CSIRO ends nine-month search for new CIO

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CSIRO ends nine-month search for new CIO
Brendan Dalton

Apppoints long-time public sector IT executive.

Australia's peak science and research organisation CSIRO has ended its nine-month search for a new chief information officer by hiring a long-time IT public sector executive who started his career at the agency over 25 years ago.

Former Immigration department assistant secretary Brendan Dalton was appointed the CSIRO's new CIO this month.

Prior to his almost two-year stint at Immigration, Dalton spent several years as CIO at both the Clean Energy Regulator and former Department of Climate Change. He started his career in IT in the public sector in 1986 as a graduate at CSIRO, where he worked for four years.

The agency had been hunting for a new CIO since last October, when its former IT chief David Toll departed after a seven-year stint in the role. Deputy CIO Euan Sangster had been acting in the position since then.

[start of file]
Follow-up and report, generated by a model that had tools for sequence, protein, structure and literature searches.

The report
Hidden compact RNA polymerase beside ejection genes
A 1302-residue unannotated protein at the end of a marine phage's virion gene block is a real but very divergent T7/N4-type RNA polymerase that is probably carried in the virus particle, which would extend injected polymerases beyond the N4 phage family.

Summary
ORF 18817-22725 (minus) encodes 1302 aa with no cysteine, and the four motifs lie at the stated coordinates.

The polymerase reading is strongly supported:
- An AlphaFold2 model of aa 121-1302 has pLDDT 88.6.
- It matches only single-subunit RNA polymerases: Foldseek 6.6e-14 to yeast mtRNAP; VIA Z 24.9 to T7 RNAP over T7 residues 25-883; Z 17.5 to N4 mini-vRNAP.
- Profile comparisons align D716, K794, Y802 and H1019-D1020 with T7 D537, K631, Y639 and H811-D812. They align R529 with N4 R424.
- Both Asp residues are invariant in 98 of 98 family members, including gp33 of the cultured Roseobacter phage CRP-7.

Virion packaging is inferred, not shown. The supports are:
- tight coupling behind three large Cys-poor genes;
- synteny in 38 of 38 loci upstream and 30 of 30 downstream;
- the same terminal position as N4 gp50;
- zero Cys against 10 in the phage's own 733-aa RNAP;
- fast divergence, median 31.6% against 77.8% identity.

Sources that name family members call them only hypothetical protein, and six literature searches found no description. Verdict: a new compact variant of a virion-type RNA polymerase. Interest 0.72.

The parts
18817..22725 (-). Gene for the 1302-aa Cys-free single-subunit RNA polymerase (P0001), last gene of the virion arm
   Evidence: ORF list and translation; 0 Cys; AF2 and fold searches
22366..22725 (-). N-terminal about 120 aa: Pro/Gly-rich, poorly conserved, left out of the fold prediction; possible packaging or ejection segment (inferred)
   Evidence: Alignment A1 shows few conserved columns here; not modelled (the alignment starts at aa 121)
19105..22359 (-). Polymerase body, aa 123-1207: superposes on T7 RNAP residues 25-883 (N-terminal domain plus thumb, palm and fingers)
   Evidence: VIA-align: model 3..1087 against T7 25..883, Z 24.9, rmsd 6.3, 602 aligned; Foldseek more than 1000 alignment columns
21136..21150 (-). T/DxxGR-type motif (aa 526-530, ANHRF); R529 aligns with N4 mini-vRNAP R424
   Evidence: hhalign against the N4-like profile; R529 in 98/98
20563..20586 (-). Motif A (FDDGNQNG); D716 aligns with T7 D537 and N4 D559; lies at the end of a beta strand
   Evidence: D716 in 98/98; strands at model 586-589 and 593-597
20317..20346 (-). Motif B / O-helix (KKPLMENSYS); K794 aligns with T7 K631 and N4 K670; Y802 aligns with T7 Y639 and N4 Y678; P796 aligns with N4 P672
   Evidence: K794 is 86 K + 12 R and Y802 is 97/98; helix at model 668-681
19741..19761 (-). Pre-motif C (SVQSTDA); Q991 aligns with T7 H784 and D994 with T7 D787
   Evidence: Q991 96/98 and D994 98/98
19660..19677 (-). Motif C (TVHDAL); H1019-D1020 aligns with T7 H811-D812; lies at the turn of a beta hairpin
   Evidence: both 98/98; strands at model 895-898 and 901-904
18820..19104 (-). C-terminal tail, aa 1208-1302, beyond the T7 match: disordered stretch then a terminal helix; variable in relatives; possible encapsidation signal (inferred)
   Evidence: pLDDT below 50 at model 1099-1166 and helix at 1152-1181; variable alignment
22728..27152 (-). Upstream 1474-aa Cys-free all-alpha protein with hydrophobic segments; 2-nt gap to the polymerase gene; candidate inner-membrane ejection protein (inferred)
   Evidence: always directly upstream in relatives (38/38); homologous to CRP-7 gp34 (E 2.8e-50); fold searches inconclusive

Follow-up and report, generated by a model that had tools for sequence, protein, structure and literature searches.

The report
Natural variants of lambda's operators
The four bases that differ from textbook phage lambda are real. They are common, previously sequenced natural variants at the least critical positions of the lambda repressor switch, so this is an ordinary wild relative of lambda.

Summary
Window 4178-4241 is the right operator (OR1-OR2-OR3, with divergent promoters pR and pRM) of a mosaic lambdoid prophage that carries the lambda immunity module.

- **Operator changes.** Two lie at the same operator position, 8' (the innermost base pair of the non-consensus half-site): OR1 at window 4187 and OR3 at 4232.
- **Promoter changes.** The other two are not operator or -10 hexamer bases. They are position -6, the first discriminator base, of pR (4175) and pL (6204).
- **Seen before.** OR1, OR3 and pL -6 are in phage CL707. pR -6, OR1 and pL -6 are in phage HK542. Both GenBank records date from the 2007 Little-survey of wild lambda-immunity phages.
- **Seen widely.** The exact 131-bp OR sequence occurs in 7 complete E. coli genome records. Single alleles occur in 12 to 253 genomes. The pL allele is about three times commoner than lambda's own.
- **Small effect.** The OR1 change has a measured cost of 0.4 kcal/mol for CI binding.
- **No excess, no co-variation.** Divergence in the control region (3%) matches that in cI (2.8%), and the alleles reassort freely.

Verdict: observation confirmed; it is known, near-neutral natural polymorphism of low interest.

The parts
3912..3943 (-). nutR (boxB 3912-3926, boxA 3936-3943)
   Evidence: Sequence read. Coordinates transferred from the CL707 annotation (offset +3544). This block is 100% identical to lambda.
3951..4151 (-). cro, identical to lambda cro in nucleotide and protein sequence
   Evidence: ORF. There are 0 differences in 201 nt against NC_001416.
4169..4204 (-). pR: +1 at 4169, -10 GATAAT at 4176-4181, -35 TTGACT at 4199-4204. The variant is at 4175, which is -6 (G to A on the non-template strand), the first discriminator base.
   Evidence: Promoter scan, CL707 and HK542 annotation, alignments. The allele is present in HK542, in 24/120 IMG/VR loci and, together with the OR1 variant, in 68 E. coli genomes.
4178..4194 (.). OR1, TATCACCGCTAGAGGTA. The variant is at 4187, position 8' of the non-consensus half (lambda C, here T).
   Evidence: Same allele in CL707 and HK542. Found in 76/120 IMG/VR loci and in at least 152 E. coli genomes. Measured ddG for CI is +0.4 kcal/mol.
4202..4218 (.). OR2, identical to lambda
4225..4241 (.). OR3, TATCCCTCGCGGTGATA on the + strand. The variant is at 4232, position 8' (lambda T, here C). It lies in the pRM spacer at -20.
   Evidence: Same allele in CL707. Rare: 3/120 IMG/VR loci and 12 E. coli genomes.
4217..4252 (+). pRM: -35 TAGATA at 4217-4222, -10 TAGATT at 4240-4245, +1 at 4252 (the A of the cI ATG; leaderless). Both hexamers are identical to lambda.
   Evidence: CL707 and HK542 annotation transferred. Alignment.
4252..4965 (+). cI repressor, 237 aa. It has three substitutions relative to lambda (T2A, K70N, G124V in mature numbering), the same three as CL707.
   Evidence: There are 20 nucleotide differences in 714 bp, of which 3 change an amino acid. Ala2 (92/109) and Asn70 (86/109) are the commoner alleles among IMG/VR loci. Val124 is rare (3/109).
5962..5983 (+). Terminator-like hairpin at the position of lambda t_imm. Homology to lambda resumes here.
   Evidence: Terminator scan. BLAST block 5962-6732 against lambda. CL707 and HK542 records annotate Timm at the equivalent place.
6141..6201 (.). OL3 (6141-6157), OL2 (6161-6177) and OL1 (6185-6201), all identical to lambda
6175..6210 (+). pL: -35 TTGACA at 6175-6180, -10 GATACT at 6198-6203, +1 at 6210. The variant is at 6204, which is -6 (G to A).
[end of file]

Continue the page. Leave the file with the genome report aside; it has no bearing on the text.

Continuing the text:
A CSIRO spokesperson attributed the delay in hiring to efforts to "ensure we appointed the best and most suitable candidate for the role".

Dalton will manage 250 staff in the agency's information management and technology (IM&T) division  - which is split up into IT services, scientific computing, information services and e-research - across 30 sites.

The department provides IT support across the entire CSIRO, including its specialist research computing facilities as well as office infrastructure support, data storage and online library information services.

One of Dalton's first tasks will be to develop a new IT strategy for the CSIRO to take into account "wider government issues on standardisation, and the role of the cloud in providing the platform capability", the organisation has previously said.

He will report to head of CSIRO's national facilities and collections business David Williams.

“I am excited to be taking on the role and want to build on the momentum that the CSIRO IM&T team has established over many years in supporting both corporate and research computing needs,” Dalton said in a statement.

“The IM&T team has the ability to build some truly great national computing infrastructure and to support CSIRO’s reform journey through targeted information management solutions."

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